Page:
Germany’s Merkel faces race against time in migrant standoff
Angela Merkel faces a race against time to defuse a dispute over migration that has ballooned into the most serious threat yet to her 12 ½-year reign as German chancellor, and she could use help from her European partners.
The bitter argument erupted suddenly two weeks ago. It pits Merkel against Interior Minister Horst Seehofer and his Bavaria-based Christian Social Union party, which is focused on a challenging October election in its home state.
It has exposed deep tensions in her fourth-term governing coalition, just over 100 days in office. Speculation is rife about a possible breakup of the conservative bloc of Merkel’s Christian Democratic Union and Seehofer’s CSU, which together have been Germany’s leading political force for much of its post-war history.
That, in turn, could trigger a collapse of the government.
Seehofer wants Germany to turn back migrants at the border who have previously applied for asylum or registered as asylum-seekers in other European countries.
Merkel, however, is determined that Germany shouldn’t take unilateral action without agreement with other EU countries, fearing a cascade of uncoordinated decisions that could further fray European unity.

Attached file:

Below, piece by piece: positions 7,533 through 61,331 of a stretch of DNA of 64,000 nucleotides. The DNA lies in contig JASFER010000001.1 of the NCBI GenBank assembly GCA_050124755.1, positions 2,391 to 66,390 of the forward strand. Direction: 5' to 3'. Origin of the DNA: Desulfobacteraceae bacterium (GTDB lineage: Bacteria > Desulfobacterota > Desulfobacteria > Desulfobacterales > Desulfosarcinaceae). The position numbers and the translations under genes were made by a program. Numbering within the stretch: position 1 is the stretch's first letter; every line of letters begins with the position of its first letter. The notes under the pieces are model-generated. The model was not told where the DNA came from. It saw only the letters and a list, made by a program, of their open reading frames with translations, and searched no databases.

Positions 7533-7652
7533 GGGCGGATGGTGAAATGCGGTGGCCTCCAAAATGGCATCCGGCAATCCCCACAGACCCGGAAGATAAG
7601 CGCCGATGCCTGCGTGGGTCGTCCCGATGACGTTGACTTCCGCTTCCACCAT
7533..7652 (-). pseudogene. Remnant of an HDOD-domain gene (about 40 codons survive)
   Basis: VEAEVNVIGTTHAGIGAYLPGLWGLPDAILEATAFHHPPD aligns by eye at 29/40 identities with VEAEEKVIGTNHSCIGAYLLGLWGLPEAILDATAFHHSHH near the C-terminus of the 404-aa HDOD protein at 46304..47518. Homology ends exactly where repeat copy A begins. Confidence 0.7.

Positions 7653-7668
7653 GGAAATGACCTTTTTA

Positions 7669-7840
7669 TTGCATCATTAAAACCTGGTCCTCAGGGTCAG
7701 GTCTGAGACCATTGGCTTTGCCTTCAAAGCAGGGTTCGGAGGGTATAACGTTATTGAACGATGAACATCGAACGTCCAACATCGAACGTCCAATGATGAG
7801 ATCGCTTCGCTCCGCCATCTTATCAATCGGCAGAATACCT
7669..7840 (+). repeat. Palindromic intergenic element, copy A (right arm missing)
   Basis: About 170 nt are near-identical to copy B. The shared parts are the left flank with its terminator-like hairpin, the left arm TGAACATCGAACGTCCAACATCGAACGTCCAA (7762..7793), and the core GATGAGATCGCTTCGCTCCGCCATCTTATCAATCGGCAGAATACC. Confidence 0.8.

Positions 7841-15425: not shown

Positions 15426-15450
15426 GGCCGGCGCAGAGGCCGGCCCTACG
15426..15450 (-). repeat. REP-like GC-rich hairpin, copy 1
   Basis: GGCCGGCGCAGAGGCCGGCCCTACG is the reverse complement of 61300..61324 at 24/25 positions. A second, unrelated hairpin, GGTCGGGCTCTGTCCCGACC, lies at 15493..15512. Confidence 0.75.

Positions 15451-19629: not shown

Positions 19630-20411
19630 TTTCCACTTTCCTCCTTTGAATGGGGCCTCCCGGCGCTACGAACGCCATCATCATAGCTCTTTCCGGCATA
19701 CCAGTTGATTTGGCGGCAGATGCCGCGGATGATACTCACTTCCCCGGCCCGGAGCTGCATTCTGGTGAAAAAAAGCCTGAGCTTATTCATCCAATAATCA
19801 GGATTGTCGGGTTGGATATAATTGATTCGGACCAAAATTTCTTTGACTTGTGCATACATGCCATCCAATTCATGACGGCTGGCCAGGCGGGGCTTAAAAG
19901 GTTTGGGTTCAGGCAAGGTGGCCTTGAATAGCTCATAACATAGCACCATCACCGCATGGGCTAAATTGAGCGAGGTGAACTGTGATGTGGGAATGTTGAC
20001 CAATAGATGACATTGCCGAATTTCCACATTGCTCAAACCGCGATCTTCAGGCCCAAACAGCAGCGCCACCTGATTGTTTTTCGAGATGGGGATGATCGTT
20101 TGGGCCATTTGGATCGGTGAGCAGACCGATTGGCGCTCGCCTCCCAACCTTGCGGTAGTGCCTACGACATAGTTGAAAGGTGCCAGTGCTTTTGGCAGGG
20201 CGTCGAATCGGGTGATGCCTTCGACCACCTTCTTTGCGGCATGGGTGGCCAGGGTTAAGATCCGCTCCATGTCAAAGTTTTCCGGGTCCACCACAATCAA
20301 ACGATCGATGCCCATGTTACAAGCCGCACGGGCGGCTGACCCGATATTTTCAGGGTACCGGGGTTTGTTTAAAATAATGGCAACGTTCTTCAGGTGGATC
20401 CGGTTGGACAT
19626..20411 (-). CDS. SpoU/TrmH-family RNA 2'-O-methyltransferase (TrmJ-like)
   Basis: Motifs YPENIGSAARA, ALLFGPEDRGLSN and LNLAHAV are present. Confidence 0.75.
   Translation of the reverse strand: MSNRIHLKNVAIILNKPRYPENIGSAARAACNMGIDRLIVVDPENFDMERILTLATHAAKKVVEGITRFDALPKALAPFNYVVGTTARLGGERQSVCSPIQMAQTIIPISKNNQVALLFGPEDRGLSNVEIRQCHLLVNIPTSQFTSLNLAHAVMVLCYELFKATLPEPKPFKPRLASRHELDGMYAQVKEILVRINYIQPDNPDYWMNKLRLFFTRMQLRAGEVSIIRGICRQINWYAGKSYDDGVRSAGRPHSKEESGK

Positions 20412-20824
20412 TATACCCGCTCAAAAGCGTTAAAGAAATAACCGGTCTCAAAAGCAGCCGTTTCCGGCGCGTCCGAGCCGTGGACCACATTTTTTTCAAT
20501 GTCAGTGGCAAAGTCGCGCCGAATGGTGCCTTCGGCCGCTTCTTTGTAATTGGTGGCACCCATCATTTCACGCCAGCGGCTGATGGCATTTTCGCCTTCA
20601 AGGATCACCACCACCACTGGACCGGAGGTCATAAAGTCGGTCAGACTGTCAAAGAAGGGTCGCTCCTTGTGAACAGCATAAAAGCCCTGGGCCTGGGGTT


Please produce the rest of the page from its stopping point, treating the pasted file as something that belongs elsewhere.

The CSU gave her two weeks to make deals with other European countries. Seehofer, the party leader, is threatening to push through his plan under his powers as interior minister against the chancellor’s will next week if it isn’t satisfied.
Merkel instigated a mini-summit of 16 European Union countries on migration in Brussels Sunday, which produced few concrete results. On Thursday and Friday, she hopes for more progress at a full summit of the 28-nation EU, though in case that fails she is also seeking agreements with individual countries on issues such as taking back migrants.
Tensions over migration have inflamed political debate across Europe, with governments struggling to agree in recent years on how to handle newcomers and populist parties taking a share of power in some countries.
On Sunday, Merkel’s CDU and Seehofer’s CSU will hold separate leadership meetings to mull what has been achieved. So far, no compromise that would satisfy both sides has emerged. Neither yet appears prepared to lose face by climbing down.
Seehofer argues that he’s entitled to order migrants turned back unilaterally, but leading CDU members have made clear that Merkel would then have little choice but to fire him — which in turn would almost inevitably prompt the CSU to quit the government.